Speakers & Authorities

The Value of Humanity in the Age of Technology

By March 5, 2015February 12th, 2016No Comments

During the industrial revolution, people left farms for factories. Then, the knowledge economy pulled them from factories into offices; rather than leveraging their brawn, companies capitalized on their brains. Today, the world is in the throes of yet another transformation as we enter what values-based leadership expert Dov Seidman calls the human economy. No longer hired hands or hired heads, the most valuable workers are hired hearts, he says – a monumental shift that will affect everyone and every business.

“We need to rethink work as a series of values-based missions instead of task-based jobs,” urges Seidman, who has dedicated decades to helping shape the way millions of employees, managers and leaders behave and interact all over the globe. “The difference between a human and a machine is that a machine can always be relied upon to do the next thing right, but only a human being can do the next right thing.”

Today’s leaders expect more than higher productivity, greater efficiency and more technological savvy; they want people who are creative, passionate, loyal, flexible and innovative. These are the strengths – the behaviors we elevate as being critical to success – that will be the source of one organization’s superiority over another.

Twenty-first century leadership is about connecting with people from within, says Seidman, a moral philosopher and author of “HOW: Why How We Do Anything Means Everything” (Wiley, 2011). His message is simple yet profound, and it’s resonating. In his keynote at the sixth annual Drucker Forum, Seidman’s call for more moral authority and inspirational leadership greatly impacted his audience, including renowned thought leaders Clayton Christensen and Gary Hamel.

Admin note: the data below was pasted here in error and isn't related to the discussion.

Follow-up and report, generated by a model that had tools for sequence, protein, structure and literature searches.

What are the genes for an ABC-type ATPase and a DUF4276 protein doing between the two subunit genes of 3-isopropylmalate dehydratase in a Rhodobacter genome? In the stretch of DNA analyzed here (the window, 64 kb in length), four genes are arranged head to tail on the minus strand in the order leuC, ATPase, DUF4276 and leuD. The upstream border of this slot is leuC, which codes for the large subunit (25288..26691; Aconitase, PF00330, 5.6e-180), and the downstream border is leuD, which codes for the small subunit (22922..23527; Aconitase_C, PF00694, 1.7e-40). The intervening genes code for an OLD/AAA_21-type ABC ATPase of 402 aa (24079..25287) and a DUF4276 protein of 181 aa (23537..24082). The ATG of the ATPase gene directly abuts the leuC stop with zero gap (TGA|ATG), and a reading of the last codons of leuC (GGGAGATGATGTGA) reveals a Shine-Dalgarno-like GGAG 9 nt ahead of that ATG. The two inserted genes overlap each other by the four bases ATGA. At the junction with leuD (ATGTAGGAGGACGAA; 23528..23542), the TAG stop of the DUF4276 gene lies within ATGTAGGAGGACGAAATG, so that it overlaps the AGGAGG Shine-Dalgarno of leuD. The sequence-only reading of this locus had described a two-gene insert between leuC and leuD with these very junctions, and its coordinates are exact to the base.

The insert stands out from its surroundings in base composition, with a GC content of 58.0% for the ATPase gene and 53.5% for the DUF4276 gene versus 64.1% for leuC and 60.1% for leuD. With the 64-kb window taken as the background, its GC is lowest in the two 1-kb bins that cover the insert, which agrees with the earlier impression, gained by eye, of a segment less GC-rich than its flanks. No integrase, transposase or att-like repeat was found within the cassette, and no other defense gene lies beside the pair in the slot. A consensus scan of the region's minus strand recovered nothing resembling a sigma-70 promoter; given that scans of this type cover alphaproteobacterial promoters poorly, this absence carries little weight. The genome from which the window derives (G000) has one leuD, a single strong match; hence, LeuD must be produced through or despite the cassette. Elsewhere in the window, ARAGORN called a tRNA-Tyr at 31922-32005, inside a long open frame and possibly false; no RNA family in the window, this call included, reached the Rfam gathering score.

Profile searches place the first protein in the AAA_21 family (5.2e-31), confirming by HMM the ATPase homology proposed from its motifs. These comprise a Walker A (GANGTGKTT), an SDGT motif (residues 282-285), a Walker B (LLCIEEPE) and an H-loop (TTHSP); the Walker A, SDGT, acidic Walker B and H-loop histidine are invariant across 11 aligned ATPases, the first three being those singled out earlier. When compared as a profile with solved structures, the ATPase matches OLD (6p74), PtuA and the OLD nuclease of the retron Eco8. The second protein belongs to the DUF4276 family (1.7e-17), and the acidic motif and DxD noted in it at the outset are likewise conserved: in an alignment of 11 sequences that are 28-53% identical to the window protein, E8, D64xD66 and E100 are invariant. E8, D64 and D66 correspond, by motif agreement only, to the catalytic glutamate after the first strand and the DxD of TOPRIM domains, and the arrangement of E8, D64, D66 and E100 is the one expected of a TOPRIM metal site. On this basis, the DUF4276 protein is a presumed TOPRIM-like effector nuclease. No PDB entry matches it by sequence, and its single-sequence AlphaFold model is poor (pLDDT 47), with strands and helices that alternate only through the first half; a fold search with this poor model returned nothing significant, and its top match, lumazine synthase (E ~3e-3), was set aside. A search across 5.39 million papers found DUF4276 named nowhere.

But to move ourselves and our companies into the Era of Elevated Behavior, leaders must make important cultural changes to inspire the right behaviors:

  1. Replace “can” with “should.” “Can” thinking is rules-based and rules require compliance; “should” thinking is centered on values.
  2. Engage in two-way conversations. Be prepared to truly listen, connect and collaborate with constituents, employees and stakeholders.
  3. Pursue resiliency and growth. We must learn to sail with sails up in a storm, and to build the institutional and individual capacity for simultaneous resiliency and growth.
  4. Build healthy interdependencies. It is our responsibility and opportunity to forge new coalitions and mutually supportive relationships.
  5. Practice inspirational leadership. Leadership is about moral authority that connects, collaborates and generates power through people.
  6. Set your company on a journey. Replace linear, short-term goals with more ambitious, long-term missions.

“Certainly, machines will continue to get better at many things humans have traditionally done in businesses, but machines will never be the source of enduring advantage,” Seidman concluded in his Harvard Business Review article, “From the Knowledge Economy to the Human Economy.” “The companies that succeed best will be those that focus on the humanity of work, and capitalize on what humans can uniquely do.”

You might also be interested in hearing Seidman’s recent talk at the 92nd Street Y – a conversation with New York Times columnist Thomas Friedman about how individuals, nations and business must urgently change how they behave, lead and operate in today’s more interconnected, interdependent world.